And, would you believe the irony, some years later she moved herself and family to Down Under.

    Lost my thread. Good to hear from you.


    Comment by Ursula — January 26, 2011 @ 11:06 | Reply

  3. The problem with the French and French is that they absolutely hate the idea of any word from a foreign language being used in it. Of course sometimes they may have to give in but examples escape me. Only a Frenchman (Richelieu) would establish an Academy to take care of their language….. such lack of self confidence 😉

    I was reading an amusing little book today: The English Gentleman Abroad… in the Foreword the Earl of St Albans told how, in Arizona, he was asked what his accent was and he replied to the effect that HE was not the one with the accent. I’m glad I’m not alone. I’m sure however that his encounter was not in Walmart as was mine!

    I reserve the right to stand up to ex colonials that seek to teach me to suck eggs as far as manners and language goes. 😉

    Comment by Magpie 11 — January 26, 2011 @ 16:18 | Reply

    • Magpie, as befits a bird, if not practical: Your reply has opened a can of worms. I haven’t looked yet so do not know whether they are still wriggling.

      A deserving man once proposed to me. Wolfgang; he was from Nurenberg/Bavaria, and kind. We read Goethe to each other. His timing wasn’t so hot since I was already married – to husband No 1. Whatever any of you guys do please do NOT propose to a woman in her early twenties whose husband has just tried to kill himself. It’s bad manners – and you will be turned down.

      However, had I accepted proposal I’d now be wife of a Professor, Goethe Institut, and probably live in Paris. Instead of which I accepted, years later, proposal of father of son which is the reason my offspring and I converse in English. Father of son is a fine specimen of an English man. Not withstanding his current obnoxious refusal to talk to mother of his son. And one thing I cannot thank him enough for is having introduced me to intricacies of his language, not least the finely chiselled apostrophe. Not that it takes Einstein to work out the rules. Apostrophes and other misused abominations I have had out with managers (on duty) at local supermarket near you more often than I care to remember. Come again?

      Come again? No. Told manager I will take business somewhere else unles he changes that sign which corrupts my four year old’s spelling. It’s all very well blaming teachers for the nation not turning out enough engineers, and blaming parents for not clipping their kids round the ears any longer but supermarkets’ spellings have responsibilities too; and a lot to answer for. Truth be told this, my lament, was at the check out not aisle 23. These days I avoid aisle 23 unless I need anchovies.

      Yes, so here we are, Magpie: You and me in a boat with father of son, Lynne Truss and Keith Waterhouse. Remember to sit down: Rocking a boat is good, capsizing it defeats the object.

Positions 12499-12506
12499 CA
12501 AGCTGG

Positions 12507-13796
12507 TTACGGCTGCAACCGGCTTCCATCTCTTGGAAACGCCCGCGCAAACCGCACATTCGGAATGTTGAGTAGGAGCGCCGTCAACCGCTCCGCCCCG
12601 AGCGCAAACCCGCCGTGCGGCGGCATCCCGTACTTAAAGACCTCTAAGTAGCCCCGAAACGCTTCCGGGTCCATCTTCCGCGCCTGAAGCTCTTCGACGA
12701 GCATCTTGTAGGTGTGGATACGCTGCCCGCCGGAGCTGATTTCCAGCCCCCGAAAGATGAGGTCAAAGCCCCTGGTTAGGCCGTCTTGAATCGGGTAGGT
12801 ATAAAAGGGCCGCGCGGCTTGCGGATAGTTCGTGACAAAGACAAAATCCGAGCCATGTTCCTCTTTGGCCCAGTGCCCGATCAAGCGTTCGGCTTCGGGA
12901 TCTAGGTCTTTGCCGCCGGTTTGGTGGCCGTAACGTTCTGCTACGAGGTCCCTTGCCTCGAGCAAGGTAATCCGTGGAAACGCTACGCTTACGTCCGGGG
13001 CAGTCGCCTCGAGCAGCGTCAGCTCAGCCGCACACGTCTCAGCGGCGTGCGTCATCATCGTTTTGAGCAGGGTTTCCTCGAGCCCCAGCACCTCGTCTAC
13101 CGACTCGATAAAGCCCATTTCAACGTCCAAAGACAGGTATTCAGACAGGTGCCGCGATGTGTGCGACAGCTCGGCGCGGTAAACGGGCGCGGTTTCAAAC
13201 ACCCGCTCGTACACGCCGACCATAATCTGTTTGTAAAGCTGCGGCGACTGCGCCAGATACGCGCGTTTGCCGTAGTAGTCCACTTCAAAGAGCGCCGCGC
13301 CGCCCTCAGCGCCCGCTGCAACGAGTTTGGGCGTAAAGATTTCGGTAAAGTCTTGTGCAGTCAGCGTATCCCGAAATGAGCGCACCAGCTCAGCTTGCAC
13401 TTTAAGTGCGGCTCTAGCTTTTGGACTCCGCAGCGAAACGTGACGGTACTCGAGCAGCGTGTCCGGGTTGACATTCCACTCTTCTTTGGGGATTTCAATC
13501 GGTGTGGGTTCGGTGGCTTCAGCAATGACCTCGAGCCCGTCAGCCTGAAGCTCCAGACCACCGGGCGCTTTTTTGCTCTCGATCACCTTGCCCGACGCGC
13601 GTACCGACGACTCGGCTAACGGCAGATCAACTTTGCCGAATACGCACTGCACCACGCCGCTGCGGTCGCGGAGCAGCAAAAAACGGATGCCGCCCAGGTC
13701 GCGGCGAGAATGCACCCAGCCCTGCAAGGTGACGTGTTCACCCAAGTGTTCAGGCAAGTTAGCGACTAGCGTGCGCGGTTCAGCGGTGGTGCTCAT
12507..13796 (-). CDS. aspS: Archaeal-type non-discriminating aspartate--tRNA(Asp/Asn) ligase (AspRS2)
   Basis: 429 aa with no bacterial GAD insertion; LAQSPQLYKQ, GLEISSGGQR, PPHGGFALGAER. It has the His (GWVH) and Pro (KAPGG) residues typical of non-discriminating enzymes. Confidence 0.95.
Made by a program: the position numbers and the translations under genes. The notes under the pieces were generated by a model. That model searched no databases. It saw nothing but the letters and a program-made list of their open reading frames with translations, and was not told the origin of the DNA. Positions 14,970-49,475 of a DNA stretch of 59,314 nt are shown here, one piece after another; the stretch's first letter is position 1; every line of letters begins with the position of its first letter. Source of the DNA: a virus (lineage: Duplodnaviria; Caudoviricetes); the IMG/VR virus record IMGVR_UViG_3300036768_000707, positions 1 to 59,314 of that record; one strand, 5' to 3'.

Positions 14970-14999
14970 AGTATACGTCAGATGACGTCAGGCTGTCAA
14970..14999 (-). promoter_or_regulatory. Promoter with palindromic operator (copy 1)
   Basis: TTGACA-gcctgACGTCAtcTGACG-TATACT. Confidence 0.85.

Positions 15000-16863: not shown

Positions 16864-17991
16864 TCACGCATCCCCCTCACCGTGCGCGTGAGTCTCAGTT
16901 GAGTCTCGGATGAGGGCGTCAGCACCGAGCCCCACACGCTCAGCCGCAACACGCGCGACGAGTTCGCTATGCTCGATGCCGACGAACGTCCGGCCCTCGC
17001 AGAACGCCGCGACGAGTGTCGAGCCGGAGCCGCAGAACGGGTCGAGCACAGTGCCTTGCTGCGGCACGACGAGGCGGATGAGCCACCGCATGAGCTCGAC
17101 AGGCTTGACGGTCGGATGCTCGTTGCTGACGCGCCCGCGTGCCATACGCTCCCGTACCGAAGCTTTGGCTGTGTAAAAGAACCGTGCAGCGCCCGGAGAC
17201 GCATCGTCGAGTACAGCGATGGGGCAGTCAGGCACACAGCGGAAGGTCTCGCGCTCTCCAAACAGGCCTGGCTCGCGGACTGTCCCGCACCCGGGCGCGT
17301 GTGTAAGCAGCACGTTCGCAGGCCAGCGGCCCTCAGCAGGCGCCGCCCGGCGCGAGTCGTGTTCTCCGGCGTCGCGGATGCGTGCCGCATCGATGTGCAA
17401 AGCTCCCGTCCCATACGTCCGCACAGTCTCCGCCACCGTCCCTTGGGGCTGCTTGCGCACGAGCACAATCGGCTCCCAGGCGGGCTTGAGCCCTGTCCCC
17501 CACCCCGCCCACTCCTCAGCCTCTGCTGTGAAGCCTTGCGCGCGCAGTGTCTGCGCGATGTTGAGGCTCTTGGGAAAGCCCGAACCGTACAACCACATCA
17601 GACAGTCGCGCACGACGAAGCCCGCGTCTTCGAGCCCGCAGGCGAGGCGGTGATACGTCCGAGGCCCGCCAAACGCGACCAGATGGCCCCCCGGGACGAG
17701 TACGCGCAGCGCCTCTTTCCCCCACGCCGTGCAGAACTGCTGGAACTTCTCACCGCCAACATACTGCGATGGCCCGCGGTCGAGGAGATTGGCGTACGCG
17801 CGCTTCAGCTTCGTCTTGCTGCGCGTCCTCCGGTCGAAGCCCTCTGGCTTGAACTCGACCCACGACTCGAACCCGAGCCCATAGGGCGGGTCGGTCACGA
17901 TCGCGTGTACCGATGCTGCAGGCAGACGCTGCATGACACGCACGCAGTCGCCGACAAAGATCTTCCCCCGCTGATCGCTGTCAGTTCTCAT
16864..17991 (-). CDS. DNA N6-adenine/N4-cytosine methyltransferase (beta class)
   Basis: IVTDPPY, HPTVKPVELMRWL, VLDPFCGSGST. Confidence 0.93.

Obviously, nature and biology being what they are I am glad I didn’t go to Paris at the time since I could only have had Angel with the Brit (husband no 2) and not with the Professor. For those of you who fumble trying to write a flaming Mills & Boon I will publish a “How to”.


      PS I hate you just a little now, Magpie, since ‘lack of confidence’ in connection with language is a brilliant concept which I wish I had thought of FIRST

      Comment by Ursula — January 26, 2011 @ 18:38 | Reply

    • “The problem with the French and French is that they absolutely hate the idea of any word from a foreign language being used in it.” How did you know that? I found that out this Sept. when I was visiting son & family in France. I said Passez la MASHED pomme de terre, si vous plait. My 9 yr. grandson told me never to put an English word in a French sentence.

      Comment by bikehikebabe — January 26, 2011 @ 22:21 | Reply

    • “The problem with the French and French is that they absolutely hate the idea of any word from a foreign language being used in it.” How did you know that? I found that out this Sept. when I was visiting son & family in France. I said Passez la MASHED pomme de terre, si vous plait. My 9 yr. grandson told me never to put an English word in a French sentence.

      Comment by bikehikebabe — January 26, 2011 @ 22:23 | Reply

      • DARN! I’m trying to get my comment to be a reply to Magpie’s comment.

        Comment by bikehikebabe — January 26, 2011 @ 22:25 | Reply

      • (((Damn))) I knew it was sil vous plait not si vous. But My husband is smarter than I (OK than me) & so I took his word.

        Comment by bikehikebabe — January 26, 2011 @ 22:45 | Reply

        • OMG! Now he tells me it’s –si’l vous. AND I KNEW THAT! (Sorry Ursula & Magpie, I’m getting my knickers in knots again.)